My clearest memories of high school French class are not of writing verb conjugation after verb conjugation on the black board. Instead, they are of the annual Christmas carol day when we would take a break from memorizing the textbook and listen to French Christmas carols. Of these, the clearest in my memories is << La Légende de Saint Nicolas >> (“The Legend of Saint Nicholas.”) This was not the tale of Jolly Old Saint Nick, mind you, but a morbid story that started innocently enough with three young children in a field. Soon, darkness falls, and they seek shelter in the home of a butcher who, as these things always go, is evil and who chops them up and puts them into a tub to brine. Seven long years later, along comes Saint Nicholas who requests to be served the three pigs that have been brining. Away runs the butcher, and Saint Nicholas raises the children from the brining tub. “I slept well,” says the first; “Me too,” the second”; “I believe I’ve been in paradise,” the third.
At les Marchés de Noël, the Christmas markets held in towns across France, the Christmas carols tend to be more positive and familiar for English-speakers. There is << Mon Beau Sapin >> (“Oh, Christmas Tree,”) and << Douce Nuit, Sainte Nuit >> (“Silent Night.”) There is also the extremely popular << Il Est Né le Divin Enfant >> (“He is Born, the Divine Child,”) which is featured heavily at midnight masses, serving as both the opening and recessional songs. In the States, Christmas markets tend to be of the craft fair variety, perhaps held at a civic center or in a high school gymnasium over a weekend. Les Marchés de Noël, however, are month-long festivals of lights, foods, warm grogs, and, of course, carols.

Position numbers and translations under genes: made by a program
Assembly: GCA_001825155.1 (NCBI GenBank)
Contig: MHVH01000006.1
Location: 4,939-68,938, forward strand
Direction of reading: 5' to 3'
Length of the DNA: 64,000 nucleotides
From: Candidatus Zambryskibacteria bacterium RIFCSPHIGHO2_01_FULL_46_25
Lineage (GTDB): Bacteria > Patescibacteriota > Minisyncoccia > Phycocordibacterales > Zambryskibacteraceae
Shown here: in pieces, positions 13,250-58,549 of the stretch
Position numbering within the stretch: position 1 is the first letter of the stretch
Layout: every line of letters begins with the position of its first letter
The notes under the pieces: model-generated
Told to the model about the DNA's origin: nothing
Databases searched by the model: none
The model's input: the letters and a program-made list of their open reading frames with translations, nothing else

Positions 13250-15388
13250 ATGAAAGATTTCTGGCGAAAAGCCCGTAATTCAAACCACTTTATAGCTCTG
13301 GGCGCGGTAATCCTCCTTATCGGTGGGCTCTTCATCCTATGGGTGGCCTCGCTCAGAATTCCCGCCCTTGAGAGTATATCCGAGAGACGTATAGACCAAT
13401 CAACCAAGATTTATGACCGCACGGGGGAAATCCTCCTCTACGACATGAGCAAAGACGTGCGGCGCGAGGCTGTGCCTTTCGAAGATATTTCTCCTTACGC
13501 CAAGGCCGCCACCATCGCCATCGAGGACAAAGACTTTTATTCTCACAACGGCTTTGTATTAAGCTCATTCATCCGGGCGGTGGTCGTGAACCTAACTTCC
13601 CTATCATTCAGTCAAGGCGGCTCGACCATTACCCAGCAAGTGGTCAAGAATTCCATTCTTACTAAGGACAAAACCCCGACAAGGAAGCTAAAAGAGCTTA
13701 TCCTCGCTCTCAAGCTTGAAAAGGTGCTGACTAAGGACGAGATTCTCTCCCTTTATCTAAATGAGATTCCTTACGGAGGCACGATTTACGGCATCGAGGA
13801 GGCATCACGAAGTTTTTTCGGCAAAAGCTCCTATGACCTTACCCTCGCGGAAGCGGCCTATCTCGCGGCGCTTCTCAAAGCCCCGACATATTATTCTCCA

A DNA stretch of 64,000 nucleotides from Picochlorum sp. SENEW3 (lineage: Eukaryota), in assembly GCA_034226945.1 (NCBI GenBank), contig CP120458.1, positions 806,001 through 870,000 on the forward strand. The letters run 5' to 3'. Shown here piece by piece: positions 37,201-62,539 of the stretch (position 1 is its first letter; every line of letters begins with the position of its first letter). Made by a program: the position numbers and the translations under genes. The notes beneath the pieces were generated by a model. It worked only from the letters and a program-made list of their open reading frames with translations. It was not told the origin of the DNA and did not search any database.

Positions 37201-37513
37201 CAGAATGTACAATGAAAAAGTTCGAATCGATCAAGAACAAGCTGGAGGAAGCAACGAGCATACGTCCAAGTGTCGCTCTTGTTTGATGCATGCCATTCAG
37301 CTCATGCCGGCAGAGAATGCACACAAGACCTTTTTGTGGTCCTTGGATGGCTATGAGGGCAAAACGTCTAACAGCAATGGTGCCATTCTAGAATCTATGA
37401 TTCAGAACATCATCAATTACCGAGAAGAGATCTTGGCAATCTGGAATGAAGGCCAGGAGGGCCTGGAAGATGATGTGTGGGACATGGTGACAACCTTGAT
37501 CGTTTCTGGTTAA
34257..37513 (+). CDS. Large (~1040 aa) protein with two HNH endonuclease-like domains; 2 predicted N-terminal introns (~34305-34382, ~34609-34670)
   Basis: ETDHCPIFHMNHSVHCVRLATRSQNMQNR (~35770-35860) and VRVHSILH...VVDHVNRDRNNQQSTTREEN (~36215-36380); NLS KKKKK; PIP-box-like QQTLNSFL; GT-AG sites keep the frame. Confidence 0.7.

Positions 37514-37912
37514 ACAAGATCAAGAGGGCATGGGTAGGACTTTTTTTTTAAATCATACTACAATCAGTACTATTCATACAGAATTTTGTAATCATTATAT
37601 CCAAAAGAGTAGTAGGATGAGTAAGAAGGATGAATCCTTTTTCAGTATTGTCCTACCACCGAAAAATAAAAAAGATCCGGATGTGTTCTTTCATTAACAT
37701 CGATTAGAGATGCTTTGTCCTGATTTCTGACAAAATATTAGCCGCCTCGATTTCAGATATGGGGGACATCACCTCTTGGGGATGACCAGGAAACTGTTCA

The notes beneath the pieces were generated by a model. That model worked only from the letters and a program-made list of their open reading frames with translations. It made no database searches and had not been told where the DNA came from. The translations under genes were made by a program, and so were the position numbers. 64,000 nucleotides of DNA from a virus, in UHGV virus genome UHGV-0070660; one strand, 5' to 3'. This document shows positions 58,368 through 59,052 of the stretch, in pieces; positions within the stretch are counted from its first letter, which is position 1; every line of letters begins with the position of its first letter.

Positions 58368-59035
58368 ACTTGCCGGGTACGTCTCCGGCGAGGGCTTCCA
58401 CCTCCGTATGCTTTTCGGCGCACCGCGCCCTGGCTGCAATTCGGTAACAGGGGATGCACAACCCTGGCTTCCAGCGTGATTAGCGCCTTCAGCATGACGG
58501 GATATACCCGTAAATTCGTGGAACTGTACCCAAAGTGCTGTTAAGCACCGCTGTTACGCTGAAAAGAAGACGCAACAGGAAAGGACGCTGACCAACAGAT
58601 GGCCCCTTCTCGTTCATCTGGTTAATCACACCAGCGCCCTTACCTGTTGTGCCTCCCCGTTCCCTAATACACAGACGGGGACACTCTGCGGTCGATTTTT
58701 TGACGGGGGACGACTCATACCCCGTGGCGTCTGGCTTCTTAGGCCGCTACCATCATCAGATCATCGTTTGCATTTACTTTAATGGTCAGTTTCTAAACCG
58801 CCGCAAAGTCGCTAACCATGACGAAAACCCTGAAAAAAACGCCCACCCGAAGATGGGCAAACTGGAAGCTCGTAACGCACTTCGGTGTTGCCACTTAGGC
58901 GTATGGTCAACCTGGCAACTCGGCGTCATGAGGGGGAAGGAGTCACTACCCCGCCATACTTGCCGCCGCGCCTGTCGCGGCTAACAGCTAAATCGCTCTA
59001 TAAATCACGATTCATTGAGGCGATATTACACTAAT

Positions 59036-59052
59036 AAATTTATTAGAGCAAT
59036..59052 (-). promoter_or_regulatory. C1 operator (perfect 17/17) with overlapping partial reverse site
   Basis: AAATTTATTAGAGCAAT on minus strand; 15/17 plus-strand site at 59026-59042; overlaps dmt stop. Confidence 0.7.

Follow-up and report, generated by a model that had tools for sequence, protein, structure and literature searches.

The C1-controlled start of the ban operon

In Toulouse, le Marché de Noël is held in the Place du Capitole, an open expanse in front of the town hall that forms the heart of the city. Last year, I went nearly every night to the market, where I would buy a hot wine and wander, sometimes standing creepily next to the cheese stand for much too long and admiring the local, farm cheeses wrapped in leaves and topped with berries. Other times, I would head over to the sausage stand for free samples. Other times still I would sit with my wine and watch the light show broadcast onto the back of the city hall and that always ended in well-wishes sent by SMS.
After such an enjoyable Christmas season in Toulouse, today we are headed to Europe’s, and, arguably, the world’s most famous Christmas market, the Christkindlesmarkt in Nuremberg. It is the winter-time sibling to Vienna’s Ostermärkte, which we visited last spring. Though there do not seem to be any spooky German Christmas carols, there is the Christmas devil, Krampus, who will have luckily descended back into the fiery pit before we arrive in Bavaria.